by Reed Spaulding IV, MD
President Trump caused a bit of a commotion this week when he didn’t die from the coronavirus. Much to the dismay of many folks on the left, he seems to be making a nice recovery from his illness. Perhaps what has offended people more than his continued life is the bravado that he is projecting post-hospitalization at Walter Reed. On Monday, he tweeted in part, “Feeling really good. Don’t be afraid of Covid. Don’t let it dominate your life.” You can almost imagine the blood vessels popping in folks’ eyes over at CNN and MSNBC. In these politically polarized times, while half the country mourns the commander-in-chief’s apparent survival, perhaps it’s worthwhile for all Americans (and indeed, folks all around the world) to reconsider the level of pure panic and fear that our governments and the media have instilled in us.
Trump shoots from the hip and often pisses people off. No shock there. Of course responsible citizens should be concerned about contracting SARS-CoV-2, but should they be irrationally afraid of it?
Coronavirus is certainly deadly in a small percentage of people who become infected, primarily those with advanced age and comorbidities (i.e. folks like Donald Trump). No one is denying that fact, and no serious medical professional would do so. With time comes data, and with data comes a responsibility for the soothsayers to gaze backwards for a change. True, some said early on that unfocused, unilateral lockdowns were detrimental, but those opinions were mostly viewed as outliers. Not so anymore.
The “Great Barrington Declaration” came to be after a meeting of world-renowned epidemiologists, economists, and journalists, sponsored by the American Institute for Economic Research. The original signers and co-signers are an impressive group of academicians, including well-respected professors from Harvard, Stanford, and Oxford, to name a few. As I write this, 5,201 public health scientists and 10,217 medical practitioners have signed this petition. The petition calls for what the authors call “focused protection.” Per the declaration:
The most compassionate approach that balances the risks and benefits of reaching herd immunity, is to allow those who are at minimal risk of death to live their lives normally to build up immunity to the virus through natural infection, while better protecting those who are at highest risk.
As the authors point out,
vulnerability to death from COVID-19 is more than a thousand-fold higher in the old and infirm than the young. Indeed, for children, COVID-19 is less dangerous than many other harms, including influenza.
It’s worthwhile to read the full document. Until now, politicians have sanctimoniously scoffed at those of us who didn’t support drastic lockdowns because we supposedly weren’t “following the science.” Well, this is a declaration from many of the world’s leading epidemiologists who recognize that lockdowns were a mistake.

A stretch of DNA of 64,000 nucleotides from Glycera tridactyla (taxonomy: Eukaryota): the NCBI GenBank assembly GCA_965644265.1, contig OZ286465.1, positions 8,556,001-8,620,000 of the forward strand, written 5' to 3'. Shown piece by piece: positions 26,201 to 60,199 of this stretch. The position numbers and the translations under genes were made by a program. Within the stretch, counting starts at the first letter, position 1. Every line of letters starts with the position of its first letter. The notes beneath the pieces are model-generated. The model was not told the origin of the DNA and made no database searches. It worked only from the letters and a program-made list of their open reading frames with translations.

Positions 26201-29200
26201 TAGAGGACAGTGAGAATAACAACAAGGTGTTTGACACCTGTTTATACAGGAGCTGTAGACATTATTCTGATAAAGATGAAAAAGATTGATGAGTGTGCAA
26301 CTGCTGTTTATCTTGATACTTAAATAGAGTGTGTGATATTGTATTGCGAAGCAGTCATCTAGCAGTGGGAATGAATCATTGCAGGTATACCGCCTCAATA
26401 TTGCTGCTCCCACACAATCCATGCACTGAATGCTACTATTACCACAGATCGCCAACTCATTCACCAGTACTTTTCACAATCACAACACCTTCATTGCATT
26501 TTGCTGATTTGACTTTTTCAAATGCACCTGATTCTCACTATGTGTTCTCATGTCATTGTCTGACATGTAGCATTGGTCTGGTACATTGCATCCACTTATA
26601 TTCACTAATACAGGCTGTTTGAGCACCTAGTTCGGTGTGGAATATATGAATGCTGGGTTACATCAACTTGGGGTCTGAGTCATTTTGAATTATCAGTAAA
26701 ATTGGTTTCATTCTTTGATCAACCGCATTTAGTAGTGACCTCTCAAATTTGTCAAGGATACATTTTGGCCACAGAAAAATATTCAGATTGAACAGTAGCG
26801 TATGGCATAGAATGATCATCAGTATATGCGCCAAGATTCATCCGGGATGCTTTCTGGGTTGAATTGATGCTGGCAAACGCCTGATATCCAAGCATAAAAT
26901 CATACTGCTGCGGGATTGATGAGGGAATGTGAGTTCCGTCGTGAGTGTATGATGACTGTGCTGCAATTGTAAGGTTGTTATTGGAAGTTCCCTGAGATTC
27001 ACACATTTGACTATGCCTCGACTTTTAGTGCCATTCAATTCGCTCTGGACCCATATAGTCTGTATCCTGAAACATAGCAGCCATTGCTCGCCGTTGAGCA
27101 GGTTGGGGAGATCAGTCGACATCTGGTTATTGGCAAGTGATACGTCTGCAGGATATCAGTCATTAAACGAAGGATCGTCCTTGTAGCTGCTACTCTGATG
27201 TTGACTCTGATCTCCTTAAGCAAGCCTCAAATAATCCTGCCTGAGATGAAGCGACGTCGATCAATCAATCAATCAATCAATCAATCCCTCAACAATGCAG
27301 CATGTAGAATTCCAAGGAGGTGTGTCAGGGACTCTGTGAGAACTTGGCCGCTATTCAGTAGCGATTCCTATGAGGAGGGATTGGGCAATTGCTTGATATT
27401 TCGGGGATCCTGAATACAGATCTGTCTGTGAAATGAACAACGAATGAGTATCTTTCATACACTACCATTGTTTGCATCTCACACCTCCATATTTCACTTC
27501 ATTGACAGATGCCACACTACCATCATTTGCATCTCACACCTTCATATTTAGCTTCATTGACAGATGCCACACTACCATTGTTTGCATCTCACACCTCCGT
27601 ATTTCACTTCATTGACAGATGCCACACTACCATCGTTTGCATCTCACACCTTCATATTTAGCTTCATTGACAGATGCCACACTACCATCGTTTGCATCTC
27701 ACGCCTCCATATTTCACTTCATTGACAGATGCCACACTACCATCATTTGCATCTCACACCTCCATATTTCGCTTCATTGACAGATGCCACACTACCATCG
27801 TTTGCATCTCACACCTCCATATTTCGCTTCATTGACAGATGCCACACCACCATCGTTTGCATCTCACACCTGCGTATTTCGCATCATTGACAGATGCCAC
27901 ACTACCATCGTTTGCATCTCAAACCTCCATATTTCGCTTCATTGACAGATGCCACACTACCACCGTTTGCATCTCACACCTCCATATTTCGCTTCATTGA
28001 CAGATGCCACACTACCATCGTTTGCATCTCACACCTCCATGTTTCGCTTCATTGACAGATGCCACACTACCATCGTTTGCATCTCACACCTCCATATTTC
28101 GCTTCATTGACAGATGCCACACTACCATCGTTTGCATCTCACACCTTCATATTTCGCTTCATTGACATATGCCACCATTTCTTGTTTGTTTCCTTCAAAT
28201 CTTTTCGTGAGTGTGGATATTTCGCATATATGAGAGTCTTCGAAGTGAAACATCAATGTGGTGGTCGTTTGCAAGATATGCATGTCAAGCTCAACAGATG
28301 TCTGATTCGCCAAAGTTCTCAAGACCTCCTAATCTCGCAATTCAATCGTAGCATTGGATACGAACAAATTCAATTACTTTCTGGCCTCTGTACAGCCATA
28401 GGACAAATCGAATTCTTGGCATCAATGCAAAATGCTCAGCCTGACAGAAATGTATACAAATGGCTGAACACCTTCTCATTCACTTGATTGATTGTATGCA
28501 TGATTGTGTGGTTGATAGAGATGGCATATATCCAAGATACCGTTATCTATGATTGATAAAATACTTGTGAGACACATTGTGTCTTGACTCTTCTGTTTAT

This document with its ever-growing list of co-signers has important implications for the future. We have to decide what kind of world we are going to live in. Most states still have shutdowns of various flavors in place. Already, Bill de Blasio, the mayor of New York City, is starting the second wave of shutdowns in that city in response to a spike in cases. What does case number even matter if most everyone who contracts the virus survives it? And isn’t there a certain amount of risk that living a free life requires? The notion of locking down completely and going into hiding in response to a virus has never been attempted (at least not to this scale), and it’s important that those of us who value liberty and life stand firm in our assessment of government’s actions over the past year: they have been terribly misguided, they have harmed our lives and livelihoods greatly, and we should never allow this to happen again. Never.
It turns out that President Trump was mostly (but not entirely) correct in his recent Twitter escapade. COVID-19 can be serious and, in very rare cases, unpredictably so. We should all have a reasonable level of fear concerning this virus. We should all take reasonable precautions to prevent spreading this illness. We should not, however, ruin our lives and continue to destroy the engines of the world. It isn’t warranted. The morbidity and mortality rates don’t support it, and a focused approach is far less destructive to the economy and to our overall emotional and physical health. It’s nice to see that increasing numbers of the world’s preeminent public health scientists are finally starting to look at the data and come down on the side of common sense for a change. A bigger challenge will be convincing the bureaucrats and others who are hell-bent on politicizing this situation indefinitely to reconsider. More and more people (scientists and non-scientists alike) will continue to understand just how ridiculous and immoral these shutdowns really are. Logic will eventually triumph. I believe that it always does.
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Reed Spaulding IV, MD, is a practicing pathologist who grew up in rural Kentucky and now splits his time between Kentucky and Indiana. All opinions expressed are his and not those of his employer. Follow him on Twitter @SpauldingMd.